# simple proof

• Feb 17th 2008, 01:28 PM
rodemich
simple proof
How would you prove this, I'm stuck. Thanks

Let A and B be sets. Then A union B = A if and only if B is subset of A.
• Feb 17th 2008, 05:15 PM
TwistedOne151
First, you can see from the definition of a subset and from the definition of the union of two sets that for any sets A and B, $A\subseteq{A\cup{B}}$ and $B\subseteq{A\cup{B}}$

Now, to prove our "if and only if" statement, we break it up into the two direction if-then statements:

1. If $A\cup{B}=A$ then $B\subseteq{A}$.
As noted above, $B\subseteq{A\cup{B}}$ for any sets A and B. Thus, if $A\cup{B}=A$, then $B\subseteq{A}$.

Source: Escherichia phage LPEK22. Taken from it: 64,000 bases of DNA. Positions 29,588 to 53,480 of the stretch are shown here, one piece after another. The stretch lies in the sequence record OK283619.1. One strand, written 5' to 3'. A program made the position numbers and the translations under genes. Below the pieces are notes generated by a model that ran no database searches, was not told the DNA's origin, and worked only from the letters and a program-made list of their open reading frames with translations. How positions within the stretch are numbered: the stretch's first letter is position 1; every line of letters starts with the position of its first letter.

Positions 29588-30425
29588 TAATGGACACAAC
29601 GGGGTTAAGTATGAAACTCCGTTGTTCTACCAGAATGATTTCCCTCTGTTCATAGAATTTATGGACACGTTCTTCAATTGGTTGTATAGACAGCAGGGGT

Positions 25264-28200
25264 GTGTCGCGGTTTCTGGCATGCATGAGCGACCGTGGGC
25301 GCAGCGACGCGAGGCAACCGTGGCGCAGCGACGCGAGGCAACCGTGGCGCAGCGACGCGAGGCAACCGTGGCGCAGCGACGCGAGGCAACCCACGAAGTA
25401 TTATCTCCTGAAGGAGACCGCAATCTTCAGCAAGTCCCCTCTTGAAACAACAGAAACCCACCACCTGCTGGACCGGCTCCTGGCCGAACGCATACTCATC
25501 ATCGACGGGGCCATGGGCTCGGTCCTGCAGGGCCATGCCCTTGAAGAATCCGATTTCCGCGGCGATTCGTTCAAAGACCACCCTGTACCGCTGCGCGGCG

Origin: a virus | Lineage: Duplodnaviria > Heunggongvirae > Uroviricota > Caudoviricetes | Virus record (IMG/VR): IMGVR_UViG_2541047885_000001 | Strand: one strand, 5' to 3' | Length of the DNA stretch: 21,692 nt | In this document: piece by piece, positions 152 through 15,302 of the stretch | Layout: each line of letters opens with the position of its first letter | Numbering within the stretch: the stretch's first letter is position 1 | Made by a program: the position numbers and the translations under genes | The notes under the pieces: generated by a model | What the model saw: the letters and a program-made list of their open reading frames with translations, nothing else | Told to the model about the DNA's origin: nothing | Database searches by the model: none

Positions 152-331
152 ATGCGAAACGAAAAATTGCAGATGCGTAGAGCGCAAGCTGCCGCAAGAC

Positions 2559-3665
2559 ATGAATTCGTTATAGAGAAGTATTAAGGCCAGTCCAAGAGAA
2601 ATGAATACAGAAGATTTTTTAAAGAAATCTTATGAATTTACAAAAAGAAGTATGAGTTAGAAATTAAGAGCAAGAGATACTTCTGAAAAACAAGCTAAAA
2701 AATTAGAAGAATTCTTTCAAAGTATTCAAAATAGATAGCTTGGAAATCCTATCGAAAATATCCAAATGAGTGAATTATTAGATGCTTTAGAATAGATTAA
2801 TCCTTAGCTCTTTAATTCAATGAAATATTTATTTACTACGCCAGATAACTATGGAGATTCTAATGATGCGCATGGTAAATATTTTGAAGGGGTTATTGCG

2. If $B\subseteq{A}$ then $A\cup{B}=A$.
Assume opposite: we have $B\subseteq{A}$, $A\cup{B}\ne{A}$. As $A\subseteq{A\cup{B}}$, if $A\cup{B}\ne{A}$, then there must be at least one element x in $A\cup{B}$ not in A. By definition of the union of sets, every element of $A\cup{B}$ must be an element of A or of B (or both). Thus if $x\in{A\cup{B}}$ and $x\notin{A}$, then $x\in{B}$. Thus there must be at least one element in B not in A. But this contradicts $B\subseteq{A}$. Thus, we show that if $B\subseteq{A}$ then $A\cup{B}=A$.

With (1) and (2), we have proved that $A\cup{B}=A$ if and only if $B\subseteq{A}$.

-Kevin C.